An interview with S.N.O.W. architects, Austria
What makes your winning project Smart Alpine one of a kind?
The project has a strong connection to the environment around the site. It was particularly important to integrate such a voluminous project into the surroundings, into the townscape and into nature – including the built-in materials such as Rauris stone and wood. We wanted to include the surrounding area and the historical built environment in the design. This also helped us to break down the large volume into a certain amount of smaller parts. With the various shapes and changes in material, it has been possible to optically structure a façade that is more than 100 meters long without giving the impression of a super block. The entire building is also very economical, since it refers to a continuous static grid that is not visible from the outside and that was predefined by the underground car park and the parking spaces. Depending on their size, the apartments have been placed in such a way that they require either 1, 1.5, 2 or 2.5 axes. Function follows statics follows form follows surrounding environment.
What did you learn from this project?
The answer to this question is difficult to separate from the first question, as we find that goes hand in hand. Although we have certainly outgrown ourselves even further with the intensified handling of this large cubature.
What are you working on at the moment?
We are currently working on various projects. Starting with single-family houses, up to multi-family houses, residential complexes, tourist buildings and industrial buildings. Also, our winning project led to other similar follow-up projects. The most extensive and most interesting project right now is a technical center (research building) and a staff building (including cafeteria, fitness, training and leisure areas) for a global client.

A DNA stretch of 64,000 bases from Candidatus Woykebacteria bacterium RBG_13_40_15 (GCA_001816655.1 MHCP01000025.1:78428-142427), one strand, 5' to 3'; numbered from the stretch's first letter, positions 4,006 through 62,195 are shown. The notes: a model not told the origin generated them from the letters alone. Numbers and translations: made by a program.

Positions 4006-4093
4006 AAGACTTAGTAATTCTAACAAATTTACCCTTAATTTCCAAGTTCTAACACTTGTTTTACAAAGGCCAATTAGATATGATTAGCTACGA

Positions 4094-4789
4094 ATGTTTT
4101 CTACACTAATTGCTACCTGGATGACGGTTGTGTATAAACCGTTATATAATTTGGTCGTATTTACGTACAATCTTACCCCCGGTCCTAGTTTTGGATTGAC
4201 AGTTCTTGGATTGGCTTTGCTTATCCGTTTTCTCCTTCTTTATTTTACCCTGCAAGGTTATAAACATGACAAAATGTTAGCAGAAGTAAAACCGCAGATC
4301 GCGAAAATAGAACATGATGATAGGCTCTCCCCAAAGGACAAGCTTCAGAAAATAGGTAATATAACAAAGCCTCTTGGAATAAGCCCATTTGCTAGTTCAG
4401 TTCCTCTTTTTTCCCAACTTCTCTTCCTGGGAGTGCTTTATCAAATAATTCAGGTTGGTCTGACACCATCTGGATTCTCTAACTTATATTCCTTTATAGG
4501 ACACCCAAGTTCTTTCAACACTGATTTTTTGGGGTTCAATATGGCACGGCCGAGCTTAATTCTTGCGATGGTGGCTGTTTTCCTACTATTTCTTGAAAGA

In the company we focus on the principle of the Green Office – in concrete terms, this means that we want to achieve noticeable effects regarding our approach to nature with large and small measures.
What is your driving force?
To answer this question, it is important to understand our office structure. We are an experienced collective from the architecture and construction industry that is constantly driven by the will to transform requirement-specific influences into an architectural narrative that is reflected in individual geometry – but also with the unmistakable SNOW spirit. In our opinion, standardized architecture for individual personalities is not possible, so it is particularly important to not lose sight of the simultaneity of thinking. This means that the relationship triangle of form, material and technology must be in constant harmony. These thoughts are also reflected in our team – our average age is under 30 years and each of our creative minds has to a large extent a free hand in the creation and design of the respective projects. This embodies the unmistakable SNOW spirit. Diversity is very important in the company – the hierarchies are flat – the focus is set on intellectual development. The name S.N.O.W. includes – in German – the four cardinal points, S.üd (south) N.ord (north) O.st (east) W.est (west) – we look for the architectural narrative in all cardinal points, and do not automatically let ourselves be influenced by any particular contemporary movement.
Any ideas you think should be front and center in the minds of architects?
From our point of view, it is the respectful handling of the resources we have. In the company we focus on the principle of the Green Office – in concrete terms, this means that we want to achieve noticeable effects regarding our approach to nature with large and small measures. This is evident in how we correct plans or documents: we avoid printing out as best as possible and do most of the corrections digitally – think before you print. The entire company fleet has been converted from fossil fuels to electrical energy. We cook our lunch together and thus reduce the amount of waste. We think that if you want to plan a sustainable style, you have to live it as well, otherwise it wouldn’t be authentic. In project development and planning, we push for sustainable, long-lasting architecture. What does that mean? We plan across generations and thus want to counter consumer society. It makes no sense if we do without petroleum-based insulation as much as possible and use grown, natural insulation material instead, but the building is rebuilt or demolished after 15 or 20 years because its design, its useful life are subject to a too-fast deterioration factor.Great value is placed on a long service life with local products, short delivery routes and sustainable production.